The Role of Subcontracting in Supplier Diversity


By: Danielle Hinz

As organizations look to set diversity, equity and inclusion (DEI) goals in 2021, a supplier-diversity program can help achieve those goals. But sourcing supplies through diverse sellers can be challenging, considering many are small businesses without the capacity to take on complex procurement contracts. Danielle Hinz, public sector leader at Amazon Business, discusses how organizations can set up an effective supplier-diversity program.

What is a supplier-diversity program?
A supplier-diversity program is a proactive initiative set up within organizations to source supplies through diverse sellers, such as small-, minority-, women-, veteran-, and LGBT-owned businesses. These sellers can receive a supplier diversity certification from a third-party agency, such as the Small Business Administration (SBA).

When a large B2B buyer deliberately seeks out alternative sourcing options from a diverse supplier, it can have a significant, positive impact on the growth and success of a diverse sellers’ business. Coca Cola, for example, is spending more than $800 million annually on diverse suppliers.

What benefits does a supplier-diversity program provide organizations?
Organizations across nearly every industry are ramping up their DEI efforts. In 2020, Nasdaq filed a proposal requiring its listed companies to have at least two diverse board members, and Hewlett Packard Enterprise now requires all managers to attend DEI training. These types of diversity initiatives are becoming increasingly important across the board; however, it’s just as important to invest in DEI externally. Setting up a supplier-diversity program can help to ensure that organizations committed to ramping up their DEI efforts are demonstrating those values outside of their organization by investing in businesses they otherwise might not. And it’s a win-win for the organization looking to divert spending to support small and diverse businesses, as well as a win for the seller who is gaining a large client and achieving new growth.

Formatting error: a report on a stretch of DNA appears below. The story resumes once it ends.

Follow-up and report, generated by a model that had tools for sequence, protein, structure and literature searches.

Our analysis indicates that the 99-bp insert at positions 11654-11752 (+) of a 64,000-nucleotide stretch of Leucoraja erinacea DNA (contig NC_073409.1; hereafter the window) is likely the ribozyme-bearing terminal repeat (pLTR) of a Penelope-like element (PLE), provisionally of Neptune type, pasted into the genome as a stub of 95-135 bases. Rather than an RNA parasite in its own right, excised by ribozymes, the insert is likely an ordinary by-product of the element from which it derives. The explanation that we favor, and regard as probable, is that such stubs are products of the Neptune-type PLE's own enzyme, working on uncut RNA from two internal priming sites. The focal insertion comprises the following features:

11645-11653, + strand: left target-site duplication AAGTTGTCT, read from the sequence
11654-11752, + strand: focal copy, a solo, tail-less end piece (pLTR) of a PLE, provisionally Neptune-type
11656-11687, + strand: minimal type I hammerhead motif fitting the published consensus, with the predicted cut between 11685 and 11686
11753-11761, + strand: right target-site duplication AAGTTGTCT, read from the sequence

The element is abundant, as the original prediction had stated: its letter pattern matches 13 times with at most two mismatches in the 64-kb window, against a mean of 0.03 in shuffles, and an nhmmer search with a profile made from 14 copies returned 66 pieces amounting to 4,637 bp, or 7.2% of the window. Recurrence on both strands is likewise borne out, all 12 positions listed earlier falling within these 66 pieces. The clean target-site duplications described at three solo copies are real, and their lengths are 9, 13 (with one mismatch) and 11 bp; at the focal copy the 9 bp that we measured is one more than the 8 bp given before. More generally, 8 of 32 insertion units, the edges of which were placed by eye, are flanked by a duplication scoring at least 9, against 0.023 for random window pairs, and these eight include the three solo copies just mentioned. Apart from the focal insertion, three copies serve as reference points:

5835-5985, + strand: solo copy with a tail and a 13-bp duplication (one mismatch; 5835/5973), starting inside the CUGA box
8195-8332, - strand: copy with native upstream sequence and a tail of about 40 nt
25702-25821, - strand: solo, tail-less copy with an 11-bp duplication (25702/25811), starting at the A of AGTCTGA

For government organizations, specifically, larger procurement contracts may mandate that a certain amount of their spend goes toward underrepresented and small businesses. An established supplier-diversity program can help them meet compliance and set more ambitious goals to earn a higher score on the SBA’s Annual Small Business Procurement Scorecard, which measures federal agencies’ success in meeting their overall small business contracting goals.

What are the biggest challenges to setting up a supplier-diversity program?
The first hurdle many organizations face when trying to set up a supplier-diversity program is a difficulty finding diverse sellers to source from. And small businesses typically don’t have the necessary resources available to expand their market reach, so organizations have a hard time identifying them among their supplier options.

How can organizations overcome these challenges to create an effective supplier-diversity program?
To work around these barriers, organizations can require subcontracting as part of their procurement process. Breaking up bigger contracts into smaller pieces enables small businesses to participate in larger deals. Not only does this open the door for more minority-owned businesses to bid on contracts, but it also enables organizations to increase the number of diverse suppliers they use.

However, splitting up procurement into separate parts to attract more diverse sellers can complicate the process—especially considering it’s difficult to find diverse sellers in the first place. To open the search pool, organizations can digitize their procurement process. Some online B2B stores have supplier diversity search and filtration features that provide buyers with features to directly source and buy inventory from small and diverse businesses. Online stores can also provide organizations with capabilities to search for products based on certification type and to track certified supplier diversity spend to simplify goal reporting.

For example, Johns Hopkins University was committed to increasing contracts with minority- and women-owned businesses. By leveraging an online store, JHU’s procurement team can filter search results by seller certifications to ensure they’re discovering and purchasing from businesses with a variety of different diversity certifications. Considering the university spends around $1 billion a year on procurement, its supplier-diversity program makes a significant impact for the sellers whose businesses JHU supports.

Danielle Hinz, public sector leader at Amazon Business


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